Spader signed on I think three days before this pilot was going to shoot and there was talk about pushing the pilot, not doing it, we couldn’t find the right guy to play Red, so it was always very chaotic and again, you have to be very, very lucky to have it work and then, you know, I think once those pieces come together, moving forward, each episode is like the chapter of a really good novel where you know, you’ve started with a great first chapter and the pilot, and hopefully every episode we can deliver a new chapter that’s, you know, as good as the first one.
John, have you cast any really great guest stars that you’re willing to talk about?
John Eisendrath: Well, we have cast guest stars that we love. I’ll just give you one example because he’s doing the episode right now. Tom Noonan is playing one of the guys off the blacklist and you know, that’s an example of the kind of actor we’re getting who really can live in the part of the, you know, characters of the blacklisters that we have on the show.
Isabella Rossellini has been announced, so could you talk a little bit maybe about what’s doing?
John Eisendrath: Yes, of course. There too, there’s another example. I mean, Noonan was just on my mind because he’s in the episode at the moment, but Isabella Rossellini did – she did a role on the show where, you know, she played someone who was perceived to be, you know, a really admirable, outstanding, great humanitarian. Maybe she turns out that way and maybe she doesn’t.
All I would say is that she did an amazing job, but one thing that I was most impressed with is you know, sometimes you ask all the actors, but even the guest actors, to do things that really I would think, you know, test their comfort level. We did that with her and she did an amazing job just throwing herself into certain scenes that, you know, were about as far away from the days of her, you know, modeling career and you know, graceful, elegant persona as one could possibly get. She did it with great enthusiasm.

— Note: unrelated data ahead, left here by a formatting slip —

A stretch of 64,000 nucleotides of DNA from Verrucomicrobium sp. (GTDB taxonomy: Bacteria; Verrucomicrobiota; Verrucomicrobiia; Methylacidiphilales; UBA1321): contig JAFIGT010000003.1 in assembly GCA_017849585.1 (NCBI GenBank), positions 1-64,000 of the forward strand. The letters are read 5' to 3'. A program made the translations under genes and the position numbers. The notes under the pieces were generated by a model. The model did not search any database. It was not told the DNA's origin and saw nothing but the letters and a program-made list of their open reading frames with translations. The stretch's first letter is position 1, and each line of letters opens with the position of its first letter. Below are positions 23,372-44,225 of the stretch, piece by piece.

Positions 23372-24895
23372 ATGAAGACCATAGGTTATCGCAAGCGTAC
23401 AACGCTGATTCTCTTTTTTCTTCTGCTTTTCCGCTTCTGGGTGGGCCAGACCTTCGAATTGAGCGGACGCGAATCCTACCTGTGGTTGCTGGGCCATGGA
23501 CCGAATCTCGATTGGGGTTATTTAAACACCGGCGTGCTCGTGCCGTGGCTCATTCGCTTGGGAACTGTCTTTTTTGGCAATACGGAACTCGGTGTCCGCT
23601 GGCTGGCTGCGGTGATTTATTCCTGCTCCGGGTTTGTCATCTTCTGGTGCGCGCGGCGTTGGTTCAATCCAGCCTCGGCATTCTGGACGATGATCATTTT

Megan Boone: We’ve been working with Clifton Collins Jr. this episode, too. He’s a great, great actor. I was so excited to have him on the show and I mean, it’s been an incredible experience for me because these guys keep bringing in some of the best actors to do these guest spots. I understand why they’re doing it. The episodes are written so well. The parts are really meaty and exciting.
Megan, do you have a favorite scene that you enjoyed filming that you can share with us?
Megan Boone: Oh, gosh. The scene in the pilot where I stab Red in the neck was really an incredible day. We were on the 29th floor of the Waldorf Astoria on Park Avenue, which for me was just kind of larger than life, you know, just an experience that felt a little bit like I had gone into a different paradigm or something.
It was my first scene shooting with James and that was the first time I learned what an incredible co-worker and collaborator he was going to be. I did not know what to expect, as I’m sure anyone going into a working relationship that doesn’t know, but you know, I found it – it was so refreshing to me to be kind of nervous and I kept to myself and I just worked as hard as I could that day, and he would pull me aside in between scenes and ask me how I felt the scene was going, what I needed form him and by the end of the day, I was just as open and sort of collaborative involved and free as I could be with anyone.
That’s a huge testament to him that he made me feel that comfortable. You know, Joe Carnahan was directing us and that and I absolutely loved working with him. I got on the elevator and went down from the 29th floor that day and went out on Park Avenue and just kind of ran for a couple of blocks because I was just so excited and happy that this is my new working relationship. It was one of those moments in New York City that you never forget.